On the occasion of the centenary of the peaceful dissolution of the union between Sweden and Norway, there will be a Flag Ceremony and Service of Thanksgiving on
Tuesday, the 7th June 2005 at 11a.m.
In the presence of the Norwegian Ambassador, Mr Tarald Brautaset, the Veteran Norwegian Royal Guard will perform a Drill Display and a Flag Raising Ceremony at 11am in the quadrangle of the City Chambers. The ceremony will be followed by a Service of Thanksgiving in St. Giles Cathedral in Edinburgh by the Very Revd. Gilleasbuig Macmillan and Revd. Thorbjørn Holt.
7th June - Background information
The Union between Norway and Sweden was established in 1814 following the Peace of Kiel which ended almost 400 years of Danish rule. The King of Sweden also became King of Norway. However, Norway established internal self-rule, based on its own constitution, adopted on 17 May 1814.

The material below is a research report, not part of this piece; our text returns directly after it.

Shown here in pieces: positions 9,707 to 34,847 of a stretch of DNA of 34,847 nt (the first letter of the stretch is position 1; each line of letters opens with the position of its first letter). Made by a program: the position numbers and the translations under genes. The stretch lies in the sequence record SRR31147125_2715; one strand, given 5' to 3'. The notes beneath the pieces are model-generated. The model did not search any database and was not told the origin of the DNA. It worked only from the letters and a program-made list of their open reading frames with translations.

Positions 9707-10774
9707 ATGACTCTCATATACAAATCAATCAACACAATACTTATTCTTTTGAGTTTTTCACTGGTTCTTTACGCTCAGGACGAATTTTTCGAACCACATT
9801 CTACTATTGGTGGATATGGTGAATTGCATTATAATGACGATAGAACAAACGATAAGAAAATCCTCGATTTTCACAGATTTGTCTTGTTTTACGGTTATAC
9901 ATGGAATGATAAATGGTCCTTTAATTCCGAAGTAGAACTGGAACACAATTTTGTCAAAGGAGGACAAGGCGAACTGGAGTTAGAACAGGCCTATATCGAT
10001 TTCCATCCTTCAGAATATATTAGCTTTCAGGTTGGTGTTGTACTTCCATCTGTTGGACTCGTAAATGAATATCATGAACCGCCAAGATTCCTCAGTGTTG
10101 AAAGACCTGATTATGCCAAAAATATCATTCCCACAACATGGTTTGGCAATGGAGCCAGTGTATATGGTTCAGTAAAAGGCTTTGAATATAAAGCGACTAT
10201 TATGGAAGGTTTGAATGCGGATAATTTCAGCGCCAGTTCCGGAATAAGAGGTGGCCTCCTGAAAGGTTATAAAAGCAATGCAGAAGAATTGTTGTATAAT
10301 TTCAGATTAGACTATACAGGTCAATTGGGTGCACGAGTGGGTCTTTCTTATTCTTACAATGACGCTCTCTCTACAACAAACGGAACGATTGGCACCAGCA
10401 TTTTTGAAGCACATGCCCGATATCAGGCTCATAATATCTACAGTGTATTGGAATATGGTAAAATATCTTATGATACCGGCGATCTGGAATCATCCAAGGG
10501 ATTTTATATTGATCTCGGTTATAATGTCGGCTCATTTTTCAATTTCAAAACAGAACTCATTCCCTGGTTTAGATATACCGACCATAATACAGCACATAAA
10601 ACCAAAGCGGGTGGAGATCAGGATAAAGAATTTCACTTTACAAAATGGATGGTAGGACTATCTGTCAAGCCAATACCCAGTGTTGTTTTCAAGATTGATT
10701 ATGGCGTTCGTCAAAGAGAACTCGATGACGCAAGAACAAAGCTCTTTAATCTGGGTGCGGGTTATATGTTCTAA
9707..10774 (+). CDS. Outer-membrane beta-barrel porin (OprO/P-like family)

Towards the end of the 19th century the struggle for full independence intensified. On 7 June 1905, the Norwegian Storting (parliament) unilaterally decided no longer to recognise King Oscar II as King of Norway, thus dissolving the Union. A referendum overwhelmingly supported the decision taken by the Storting.
A period with tension building up in both countries followed. But through negotiations between Norwegian and Swedish representatives a mutually agreed formula for a peaceful ending of the union was reached in Karlstad (Sweden). On 26 October 1905 Sweden officially recognised Norway as an independent and separate state. The British government formally recognised Norway four days later, on 30 October 1905. The union between the two countries had lasted for 91 years.
A second referendum decided to establish a monarchy. Prince Carl of Denmark accepted the offer to become king and took on the Norwegian crown under the name of Haakon VII. He was married to Maud, daughter of King Edward VII. With their young son, Olav, the new royal family arrived in Norway on 25 November 1905.